From the opening of the railways in 1855 to 1864 only 143 miles of lines were built the next decade to 1874 added only 260 miles. Progress accelerated, and 1,215 miles were added before the end of 1884 The rate dropped again to the year 1894 to 883 miles and to 780 miles in the decade ending 1904. Also a further drop in the rate of mileage additions cont-
The present tendency is towards more powerful locomotives for heavy traffic and rail-
THE KITCHEN QUARTERS in the dining saloon of an express train on the Victorian Government Railways system.
Victoria is remarkably well served by railways. Hardly any appreciable area of arable, pastoral, or non-
The railway policy has been to regard the iron roads as wealth creators rather than profit makers. An illustration of the effect of this policy is provided by Mallee, in the north-
The State uses the railways to send knowledge to the farming communities instead of expecting those communities to go to the cities. With this object the two Departments of Agriculture and Railways co-
A University on Wheels
A typical “Better Farming” train which went on a ten-
“Reso”, or National Resources Development Trains, go on tour to give city men a knowledge of the State’s resources. These trains are self-
Land cruises are a feature of the holiday season. One cruising train took fifty-
After Melbourne, Geelong is the chief coastal city in the State, The “Geelong Flyer” is Victoria’s crack express. The distance is forty-
For the Melbourne-
NEAR SYDNEY. An electric train on the suburban lines round the capital of New South Wales. Ninety-
The State Railway system comprises about 4,600 miles of 5 ft 3-
Flinders Street Station, Melbourne, has at times been claimed, without complete justification, to have the heaviest passenger traffic in the world. It is certainly a busy spot, with its sixteen passenger platforms in constant use, especially on Melbourne Cup day. The race for the Melbourne Cup, at Flemington Race-
Melbourne and Sydney are two of the most attractive cities in the world. To the visitor from the Old World they each convey a message of beauty and endeavour. Cleaner and, in many ways, more progressive than many European cities, which are rooted in the past, each represents a triumph of Anglo-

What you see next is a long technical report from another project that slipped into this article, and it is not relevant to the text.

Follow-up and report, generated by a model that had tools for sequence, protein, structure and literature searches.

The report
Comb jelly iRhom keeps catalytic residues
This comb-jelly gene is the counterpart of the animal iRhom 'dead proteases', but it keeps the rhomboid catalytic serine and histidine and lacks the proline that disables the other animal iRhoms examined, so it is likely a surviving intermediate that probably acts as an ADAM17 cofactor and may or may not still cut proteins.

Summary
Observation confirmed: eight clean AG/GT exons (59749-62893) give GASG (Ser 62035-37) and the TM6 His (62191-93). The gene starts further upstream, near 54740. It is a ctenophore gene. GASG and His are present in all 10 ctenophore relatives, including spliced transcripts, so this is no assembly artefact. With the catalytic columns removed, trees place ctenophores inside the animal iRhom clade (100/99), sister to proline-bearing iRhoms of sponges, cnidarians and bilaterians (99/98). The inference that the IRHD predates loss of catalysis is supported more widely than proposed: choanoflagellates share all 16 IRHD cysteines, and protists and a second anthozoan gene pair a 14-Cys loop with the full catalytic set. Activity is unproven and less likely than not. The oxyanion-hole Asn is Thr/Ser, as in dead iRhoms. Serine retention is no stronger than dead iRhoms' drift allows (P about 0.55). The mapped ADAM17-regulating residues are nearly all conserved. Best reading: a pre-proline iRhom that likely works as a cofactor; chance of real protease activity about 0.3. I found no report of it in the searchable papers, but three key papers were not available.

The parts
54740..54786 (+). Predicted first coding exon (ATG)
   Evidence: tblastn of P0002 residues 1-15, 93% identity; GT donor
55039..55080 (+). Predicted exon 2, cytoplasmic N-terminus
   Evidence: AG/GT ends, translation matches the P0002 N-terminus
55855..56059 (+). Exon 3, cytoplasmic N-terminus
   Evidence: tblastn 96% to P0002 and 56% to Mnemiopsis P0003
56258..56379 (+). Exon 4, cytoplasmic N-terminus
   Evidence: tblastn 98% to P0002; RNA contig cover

The railways have, of course, played their part in the development of the two cities.
Going westward into South Australia the traveller finds the sunlit city of Adelaide. For size, Adelaide cannot compare with her sisters, but she has a charm of her own. The railway station is one of the finest in the Commonwealth.
The State operates about 1,450 miles of 5 ft 3-
The standard gauge line, part of the Trans-
The principal train is the Adelaide-
A SEVERE CURVE known as “Coalmine Bend” on the Main Line railway in Tasmania. This line is 133 miles in length and connects the cities of Hobart and Launceston.
The South Australian railway system has been reorganised in recent years. Before reorganisation some veteran locomotives were in use. On the broad gauge lines a Disabilities Commission found a locomotive sixty-
Matters have altered since then. Not only has a policy of running new and powerful locomotives been adopted, but, in the Mount Lofty Ranges, steep gradients and acute curves have also been reduced and freight trains in this district now load up to nearly 600 tons as compared with ninety-
A “MOUNTAIN” TYPE ENGINE of the “D 57” class. This heavy goods traffic engine has three cylinders 23¼-
The State has specialised in freight cars. A weatherproof thirty-
The “Poison Train” is interesting. Weeds and other vegetation growing in the ballast and alongside the track are destroyed by an arsenical compound solution sprayed on to the permanent way by travelling tanks. The total capacity of the tanks which form the “Poison Train” is 13,500 gallons, or sufficient for ten miles of track. The tracks are poisoned every third year, or more often if weed growth interferes with ballast drainage, or the weeds grow over the rails and cause the wheels of engines to slip. Formerly, trolleys were sent out which, with a capacity of 400 gallons of weed-
The “Mechanical Stoker”
Cattle trains of ninety-